Reforming U.S. antitrust enforcement and competition policy

Fiona Scott-Morton; Equitable Growth

This essay is part of Vision 2020: Evidence for a stronger economy, a compilation of 21 essays presenting innovative, evidence-based, and concrete ideas to shape the 2020 policy debate. The authors in the new book include preeminent economists, political scientists, and sociologists who use cutting-edge research methods to answer some of the thorniest economic questions facing policymakers today. Topics range from economic inequality, race, and mobility, to competition, wages, taxes, macroeconomics, and family economic security.

Overview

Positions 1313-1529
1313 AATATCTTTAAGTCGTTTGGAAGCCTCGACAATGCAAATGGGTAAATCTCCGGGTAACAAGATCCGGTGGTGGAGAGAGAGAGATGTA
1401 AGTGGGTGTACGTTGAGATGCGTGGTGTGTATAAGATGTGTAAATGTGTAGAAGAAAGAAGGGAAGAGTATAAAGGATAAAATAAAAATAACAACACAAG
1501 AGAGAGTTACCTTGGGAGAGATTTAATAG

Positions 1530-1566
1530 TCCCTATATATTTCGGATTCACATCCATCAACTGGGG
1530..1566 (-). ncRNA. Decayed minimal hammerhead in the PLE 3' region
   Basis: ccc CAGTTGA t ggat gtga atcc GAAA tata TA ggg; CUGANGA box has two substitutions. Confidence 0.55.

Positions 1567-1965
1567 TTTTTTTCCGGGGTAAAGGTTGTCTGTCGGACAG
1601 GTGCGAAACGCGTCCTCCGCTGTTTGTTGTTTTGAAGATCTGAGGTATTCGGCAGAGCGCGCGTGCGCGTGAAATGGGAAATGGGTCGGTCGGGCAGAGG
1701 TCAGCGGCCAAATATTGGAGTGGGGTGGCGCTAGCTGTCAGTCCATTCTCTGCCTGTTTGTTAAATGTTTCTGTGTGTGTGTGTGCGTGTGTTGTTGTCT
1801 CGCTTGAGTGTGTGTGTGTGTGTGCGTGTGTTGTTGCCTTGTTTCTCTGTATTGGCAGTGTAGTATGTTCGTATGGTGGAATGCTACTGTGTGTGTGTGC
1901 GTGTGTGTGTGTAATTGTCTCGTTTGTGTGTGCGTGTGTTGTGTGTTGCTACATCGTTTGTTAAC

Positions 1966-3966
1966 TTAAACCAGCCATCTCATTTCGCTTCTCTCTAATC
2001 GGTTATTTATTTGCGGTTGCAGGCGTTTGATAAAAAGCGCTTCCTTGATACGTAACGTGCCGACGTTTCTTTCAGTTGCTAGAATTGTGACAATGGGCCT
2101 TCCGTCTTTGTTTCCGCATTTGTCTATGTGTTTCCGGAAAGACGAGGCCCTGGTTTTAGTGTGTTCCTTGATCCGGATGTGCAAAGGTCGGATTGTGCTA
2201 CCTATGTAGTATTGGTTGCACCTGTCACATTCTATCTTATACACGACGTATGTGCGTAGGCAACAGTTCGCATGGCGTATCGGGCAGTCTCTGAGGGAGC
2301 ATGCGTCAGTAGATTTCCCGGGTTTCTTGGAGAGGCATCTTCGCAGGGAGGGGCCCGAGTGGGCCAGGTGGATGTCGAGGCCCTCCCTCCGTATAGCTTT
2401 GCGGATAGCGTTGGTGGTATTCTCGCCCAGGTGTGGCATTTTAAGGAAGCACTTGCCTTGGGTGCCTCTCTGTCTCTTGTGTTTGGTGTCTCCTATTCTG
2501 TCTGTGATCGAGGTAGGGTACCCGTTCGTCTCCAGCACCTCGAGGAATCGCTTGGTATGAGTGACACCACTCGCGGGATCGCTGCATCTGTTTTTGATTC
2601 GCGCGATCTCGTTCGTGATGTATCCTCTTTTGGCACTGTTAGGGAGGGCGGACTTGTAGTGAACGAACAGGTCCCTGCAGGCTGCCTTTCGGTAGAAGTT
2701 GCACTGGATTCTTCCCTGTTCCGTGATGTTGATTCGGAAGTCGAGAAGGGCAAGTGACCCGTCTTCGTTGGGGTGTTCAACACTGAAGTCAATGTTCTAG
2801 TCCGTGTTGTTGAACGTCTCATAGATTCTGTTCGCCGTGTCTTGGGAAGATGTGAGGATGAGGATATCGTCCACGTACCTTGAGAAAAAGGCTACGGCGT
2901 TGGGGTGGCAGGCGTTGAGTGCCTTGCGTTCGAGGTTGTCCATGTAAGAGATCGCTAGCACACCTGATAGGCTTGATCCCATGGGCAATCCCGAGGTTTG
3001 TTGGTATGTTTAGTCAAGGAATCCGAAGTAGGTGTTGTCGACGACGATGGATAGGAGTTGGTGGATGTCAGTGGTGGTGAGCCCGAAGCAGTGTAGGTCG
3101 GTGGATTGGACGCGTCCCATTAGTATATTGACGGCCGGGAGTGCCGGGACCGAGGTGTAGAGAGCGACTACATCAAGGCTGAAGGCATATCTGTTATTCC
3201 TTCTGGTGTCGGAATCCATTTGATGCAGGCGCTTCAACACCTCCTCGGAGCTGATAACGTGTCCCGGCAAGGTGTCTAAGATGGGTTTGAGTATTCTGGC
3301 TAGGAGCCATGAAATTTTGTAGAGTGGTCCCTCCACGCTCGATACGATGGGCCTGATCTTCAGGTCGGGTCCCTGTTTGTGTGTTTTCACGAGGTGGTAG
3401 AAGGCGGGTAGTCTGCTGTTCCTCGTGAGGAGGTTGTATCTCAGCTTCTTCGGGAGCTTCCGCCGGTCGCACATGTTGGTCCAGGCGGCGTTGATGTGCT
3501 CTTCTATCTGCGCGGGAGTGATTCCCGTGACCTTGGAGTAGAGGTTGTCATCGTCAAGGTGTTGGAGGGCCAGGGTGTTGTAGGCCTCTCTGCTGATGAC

Competitive markets deliver to consumers a variety of benefits: higher productivity, lower prices, better quality products, and more innovation. Yet firms have a financial incentive to restrain competition in order to obtain monopoly profits. There are three main harmful methods of limiting competition: colluding with rivals in a market, merging with rivals or potential rivals, and using anticompetitive techniques to exclude existing or potential entrants. U.S. antitrust laws are designed to prevent these behaviors by making price-fixing, bid-rigging, and similar behavior illegal, requiring government review of mergers to prevent those that lessen competition, and prohibiting anticompetitive conduct by an incumbent with market power that tends to exclude entrants and rivals. Unfortunately, over the past few decades, these laws have not been operating in a way that generates and preserves

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